The NLRB continued its reversal of several employee-friendly Obama-era decisions last week. The latest to be kicked to the curb is the “micro-unit” standard found in the 2011 Specialty Healthcare decision.
When a union submits an election petition to the NLRB, the union must identify a legally appropriate group of employees (termed the “bargaining unit”) that it intends to organize. The union typically tries to propose a narrowly-defined unit that provides it the best opportunity to win the election. The employer often wants a unit that includes a broader range of employees, as that unit might be less susceptible to highly-targeted union organizing efforts.
In 2011, the NLRB released the Specialty Healthcare decision, which raised the burden on an employer who challenged the scope of the bargaining unit to prove that the additional workers that the employer wanted to include in the unit shared an “overwhelming” community of interest with the union’s proposed bargaining unit. Because very few groups of employees within a company share an “overwhelming community of interest,” this standard permitted unions to create “micro-units” – unionizing small segments of employees within an employer’s control – which allowed a union to cherry-pick employees in a small section of the company that would provide the union with the best opportunity to succeed in the election. Unions believed this would provide an opportunity for them to get a foothold within the company, increasing the chance of additional successful elections of other subsets of employees in the future. Employers were concerned that they would face increased difficulty negotiating and applying cohesive work rules to their employees when small subsets were represented by unions while other large groups of employees were not. This problem could be compounded if an employer ended up with micro-units represented by different unions.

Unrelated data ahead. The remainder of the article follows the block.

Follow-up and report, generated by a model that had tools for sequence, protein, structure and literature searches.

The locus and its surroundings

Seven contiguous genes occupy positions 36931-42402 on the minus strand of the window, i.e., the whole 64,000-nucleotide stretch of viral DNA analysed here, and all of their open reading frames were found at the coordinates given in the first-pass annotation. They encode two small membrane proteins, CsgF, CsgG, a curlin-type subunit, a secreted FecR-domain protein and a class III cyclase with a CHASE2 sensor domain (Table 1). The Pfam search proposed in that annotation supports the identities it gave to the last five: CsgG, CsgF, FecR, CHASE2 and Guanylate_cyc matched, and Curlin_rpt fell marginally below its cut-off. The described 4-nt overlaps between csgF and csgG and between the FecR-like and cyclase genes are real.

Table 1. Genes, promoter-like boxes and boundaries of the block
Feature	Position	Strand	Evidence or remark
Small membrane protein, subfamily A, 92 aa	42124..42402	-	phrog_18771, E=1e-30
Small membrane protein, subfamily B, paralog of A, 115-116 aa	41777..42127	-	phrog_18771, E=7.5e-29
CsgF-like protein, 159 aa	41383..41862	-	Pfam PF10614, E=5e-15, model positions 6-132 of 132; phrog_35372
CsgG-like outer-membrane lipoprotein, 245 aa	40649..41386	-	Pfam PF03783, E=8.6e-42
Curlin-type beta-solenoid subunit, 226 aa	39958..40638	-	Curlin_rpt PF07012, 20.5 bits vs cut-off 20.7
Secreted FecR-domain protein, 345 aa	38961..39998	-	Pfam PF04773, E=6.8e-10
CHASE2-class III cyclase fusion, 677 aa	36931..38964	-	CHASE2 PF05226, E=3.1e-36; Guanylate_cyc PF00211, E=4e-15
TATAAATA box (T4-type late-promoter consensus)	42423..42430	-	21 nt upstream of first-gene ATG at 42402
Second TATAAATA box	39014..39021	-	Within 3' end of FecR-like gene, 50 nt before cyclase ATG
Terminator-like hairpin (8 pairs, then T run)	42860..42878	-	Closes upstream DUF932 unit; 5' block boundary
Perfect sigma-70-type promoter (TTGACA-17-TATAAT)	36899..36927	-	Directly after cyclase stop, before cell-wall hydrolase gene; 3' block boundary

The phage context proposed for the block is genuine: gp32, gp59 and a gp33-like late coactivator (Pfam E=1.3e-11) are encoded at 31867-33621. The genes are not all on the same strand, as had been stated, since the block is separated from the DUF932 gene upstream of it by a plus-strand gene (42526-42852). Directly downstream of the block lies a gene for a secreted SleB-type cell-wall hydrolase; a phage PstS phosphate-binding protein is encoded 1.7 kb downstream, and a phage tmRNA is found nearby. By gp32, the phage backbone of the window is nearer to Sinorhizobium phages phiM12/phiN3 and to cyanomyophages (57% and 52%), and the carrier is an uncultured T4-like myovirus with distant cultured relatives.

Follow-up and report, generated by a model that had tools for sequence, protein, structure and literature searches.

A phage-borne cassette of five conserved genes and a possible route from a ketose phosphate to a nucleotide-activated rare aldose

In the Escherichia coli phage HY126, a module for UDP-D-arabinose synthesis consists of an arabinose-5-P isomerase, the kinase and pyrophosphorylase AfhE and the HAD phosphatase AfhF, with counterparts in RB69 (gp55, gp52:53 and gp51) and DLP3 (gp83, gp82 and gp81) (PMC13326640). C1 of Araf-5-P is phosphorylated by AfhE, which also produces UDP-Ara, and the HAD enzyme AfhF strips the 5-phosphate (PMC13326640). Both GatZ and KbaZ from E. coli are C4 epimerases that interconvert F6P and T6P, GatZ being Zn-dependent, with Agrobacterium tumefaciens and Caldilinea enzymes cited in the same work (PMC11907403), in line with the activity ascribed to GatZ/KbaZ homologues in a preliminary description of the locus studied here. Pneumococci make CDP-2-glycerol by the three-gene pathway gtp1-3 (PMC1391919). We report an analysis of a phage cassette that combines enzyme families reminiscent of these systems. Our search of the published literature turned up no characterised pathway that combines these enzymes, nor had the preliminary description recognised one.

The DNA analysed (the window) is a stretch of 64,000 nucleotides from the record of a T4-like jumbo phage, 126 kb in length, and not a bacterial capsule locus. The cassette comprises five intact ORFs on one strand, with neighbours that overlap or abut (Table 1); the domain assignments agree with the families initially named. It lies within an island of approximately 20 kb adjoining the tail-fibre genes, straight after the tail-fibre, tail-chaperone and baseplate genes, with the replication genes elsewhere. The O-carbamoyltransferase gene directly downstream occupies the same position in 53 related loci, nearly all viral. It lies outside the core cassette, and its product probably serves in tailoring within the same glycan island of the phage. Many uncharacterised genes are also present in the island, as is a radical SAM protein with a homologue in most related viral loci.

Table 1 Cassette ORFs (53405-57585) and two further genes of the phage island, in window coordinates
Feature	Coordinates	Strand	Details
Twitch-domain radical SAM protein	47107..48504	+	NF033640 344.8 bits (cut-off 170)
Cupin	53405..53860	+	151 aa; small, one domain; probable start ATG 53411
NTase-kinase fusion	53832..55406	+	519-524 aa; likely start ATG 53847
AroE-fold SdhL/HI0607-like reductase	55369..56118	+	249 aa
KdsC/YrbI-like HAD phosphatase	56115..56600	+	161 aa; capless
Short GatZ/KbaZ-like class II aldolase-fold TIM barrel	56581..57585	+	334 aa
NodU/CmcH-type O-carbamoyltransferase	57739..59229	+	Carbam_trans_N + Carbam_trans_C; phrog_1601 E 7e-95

On December 15, 2017, the Board released its opinion in PCC Structurals, Inc., Case 19-RC-202188, which returned the burden on employers to a pre-Specialty Healthcare standard. Now, employers who dispute the appropriateness of a proposed unit must only show that the employees they wish to add share a community of interest with the union’s proposed unit that is “sufficiently distinct” from the remaining employees who will not be included. This less-burdensome standard should increase the likelihood of a successful challenge to the scope of the proposed bargaining unit and put a limit on unions’ ability to seek organization of “micro-units” moving forward.